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  • Harsh and Hopeful World
  • Ayala Amir (bio)
Collected Fictions. Gordon Lish. OR Books. 546 pages; paper, $22.00; eBook, $10.00.

Lish's Collected Fictions is comprised of 106 stories from the collections What I Know So Far (1984), Mourner at the Door (1988), Self Imitation of Myself (1997), and Krupp's Lulu (2000). The stories were revised especially for this collection with a forward by Lish himself.

Lish, as Don DeLillo is quoted saying on the cover of this volume, might be famous for all the wrong reasons. As the mythic editor of Esquire and later at Alfred Knopf, he edited works by writers like Barry Hanna, Richard Ford, Amy Hempel, and, of course, Raymond Carver, who owe him much of their fame. For Carver, Lish's involvement was crucial, as the recent publication of the original versions of the stories and the Carver-Lish correspondence revealed. Lish's massive, if not aggressive edits bring up the question so typical of our times: can one consider Carver's stories to be his own considering their intense editing by Lish, who not only erased whole paragraphs and altered names and words, but also utterly changed their character by transforming plots and endings and by diverting lanes of meaning? Or perhaps, in our post-structuralist, post-subject era, aware as we are to the ways culture and language speak through us, are an author's children of spirit not his to begin with?

This question of originality or identity is—not surprisingly—the main issue that comes to mind while reading Lish's collection. The protagonist in many of these stories is a man named Gordon Lish, or someone who shares most of his characteristics—his neighborhood, wife, mother, father, children, etc. This metafictional transgression of narrative levels, à la Borges, Auster, Coetzee, and many others, confuses reality and fiction, narration and story, narrator and author. In fact, the Carver affair could have been borrowed from one of Lish's pieces, whom one can easily imagine implanting himself in another writer's territory. While the characters in the ridiculous, absurd situations he depicts are anonymous (the wife, the child, the custodian) and deprived of any psychological depth, the mimetic power of the stories lies in the voice that evokes them—a voice which confronts the reader directly ("picture this," "or just smell it"), in short enigmatic, aggressive statements, or long meandering, whining stream-of-consciousness monologues and letters. Sol Salinger, the "real life" meat importer of "To Jerome—with Love and Kisses," who begs for a response from his famous son whose number is unlisted, drills in the reader's ear as if it was intended to him/her. Such are also the accusations of the mother and sister, who urge Lish(?) to come to his father's funeral (in "Spell Bereavement").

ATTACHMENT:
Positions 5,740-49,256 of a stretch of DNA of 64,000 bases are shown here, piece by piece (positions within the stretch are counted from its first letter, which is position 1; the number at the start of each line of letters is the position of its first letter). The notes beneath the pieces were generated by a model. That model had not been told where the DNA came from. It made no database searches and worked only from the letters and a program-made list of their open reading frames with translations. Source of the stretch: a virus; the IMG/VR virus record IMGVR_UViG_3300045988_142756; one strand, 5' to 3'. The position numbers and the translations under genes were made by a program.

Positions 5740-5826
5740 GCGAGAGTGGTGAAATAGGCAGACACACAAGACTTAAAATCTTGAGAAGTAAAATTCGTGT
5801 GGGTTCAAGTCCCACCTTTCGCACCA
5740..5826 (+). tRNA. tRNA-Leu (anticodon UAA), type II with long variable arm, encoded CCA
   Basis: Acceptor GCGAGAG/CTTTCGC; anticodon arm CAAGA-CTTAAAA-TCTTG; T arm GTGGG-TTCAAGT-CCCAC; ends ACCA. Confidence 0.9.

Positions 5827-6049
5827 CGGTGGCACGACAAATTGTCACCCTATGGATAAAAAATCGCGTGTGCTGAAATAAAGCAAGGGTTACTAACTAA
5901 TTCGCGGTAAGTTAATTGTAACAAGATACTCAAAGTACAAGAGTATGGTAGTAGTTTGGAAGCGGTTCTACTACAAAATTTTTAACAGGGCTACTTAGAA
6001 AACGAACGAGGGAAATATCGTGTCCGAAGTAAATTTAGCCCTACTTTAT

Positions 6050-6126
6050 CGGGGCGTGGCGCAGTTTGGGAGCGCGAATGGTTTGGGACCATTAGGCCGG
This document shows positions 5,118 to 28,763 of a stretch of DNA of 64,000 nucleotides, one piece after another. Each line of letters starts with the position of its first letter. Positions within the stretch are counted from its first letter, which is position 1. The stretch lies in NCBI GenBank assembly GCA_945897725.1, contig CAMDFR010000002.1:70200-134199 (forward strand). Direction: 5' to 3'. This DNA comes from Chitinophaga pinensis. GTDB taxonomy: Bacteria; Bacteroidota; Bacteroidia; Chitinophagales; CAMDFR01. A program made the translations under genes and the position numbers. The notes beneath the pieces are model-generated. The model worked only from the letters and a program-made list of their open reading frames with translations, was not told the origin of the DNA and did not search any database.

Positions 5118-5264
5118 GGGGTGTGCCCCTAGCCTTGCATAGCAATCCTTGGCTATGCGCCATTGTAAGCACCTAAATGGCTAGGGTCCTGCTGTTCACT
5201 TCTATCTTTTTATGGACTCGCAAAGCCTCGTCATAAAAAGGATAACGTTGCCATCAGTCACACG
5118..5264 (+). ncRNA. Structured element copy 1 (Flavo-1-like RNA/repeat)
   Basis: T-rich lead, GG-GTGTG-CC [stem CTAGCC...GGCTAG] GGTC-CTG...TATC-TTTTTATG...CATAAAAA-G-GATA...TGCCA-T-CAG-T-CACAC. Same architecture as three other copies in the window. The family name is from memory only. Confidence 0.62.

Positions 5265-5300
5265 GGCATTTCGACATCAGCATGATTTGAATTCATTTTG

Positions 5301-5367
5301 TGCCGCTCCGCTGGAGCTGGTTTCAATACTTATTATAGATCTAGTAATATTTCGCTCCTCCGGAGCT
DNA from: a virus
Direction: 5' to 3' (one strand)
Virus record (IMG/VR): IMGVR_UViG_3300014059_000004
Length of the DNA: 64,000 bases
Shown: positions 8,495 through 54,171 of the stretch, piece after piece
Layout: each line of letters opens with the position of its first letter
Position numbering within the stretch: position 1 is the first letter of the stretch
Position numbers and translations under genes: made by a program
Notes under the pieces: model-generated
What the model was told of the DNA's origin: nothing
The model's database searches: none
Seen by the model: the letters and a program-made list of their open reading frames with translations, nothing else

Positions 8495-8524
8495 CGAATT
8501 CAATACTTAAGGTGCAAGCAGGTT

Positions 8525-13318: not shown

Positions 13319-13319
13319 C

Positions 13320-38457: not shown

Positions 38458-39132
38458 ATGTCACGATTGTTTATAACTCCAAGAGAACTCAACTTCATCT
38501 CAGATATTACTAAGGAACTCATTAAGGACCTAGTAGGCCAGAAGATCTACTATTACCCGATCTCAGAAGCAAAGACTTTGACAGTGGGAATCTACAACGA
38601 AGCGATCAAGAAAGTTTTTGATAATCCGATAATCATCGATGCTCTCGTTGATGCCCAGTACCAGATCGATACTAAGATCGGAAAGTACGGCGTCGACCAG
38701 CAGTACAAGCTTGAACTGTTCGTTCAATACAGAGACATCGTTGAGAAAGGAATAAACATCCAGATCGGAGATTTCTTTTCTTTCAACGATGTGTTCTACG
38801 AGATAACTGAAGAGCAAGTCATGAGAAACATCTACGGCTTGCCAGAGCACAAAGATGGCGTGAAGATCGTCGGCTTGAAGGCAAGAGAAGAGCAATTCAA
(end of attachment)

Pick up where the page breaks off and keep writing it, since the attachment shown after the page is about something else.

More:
The narrative in the first (sometimes second, but never third) person, which constricts experience and vision to the boundaries of a self-absorbed "I," is one of the most notorious features of minimalist writing. What has this voice (or focalizer) not been accused of? Of emotional bareness, narcissism, lack of commitment to the society she/he lives in, and of duplicating and maintaining the alienation and reification of the individual in the capitalist way of life. Indeed, the world, as a territory not dependent on the self, seems not to be of Lish's concern. In one of the interviews held with him—a form that in Lish's case seems to introduce another of Captain Fictions's masks—he admits of lacking the talent of DeLillo to describe the pause and flight of a seagull in the word "regardful." He could never "study the object in the form of attention required to produce the word 'regardful.'" Yet on the other hand, "Who needs a seagull? I want to write about what's in my heart and what's inside me. Seagulls are in the world. Anybody can look at it." We are no longer in the realm of the author-narrator who reproduces and builds a world, but in that of the witness, who strives to render what no one but him saw and experienced...


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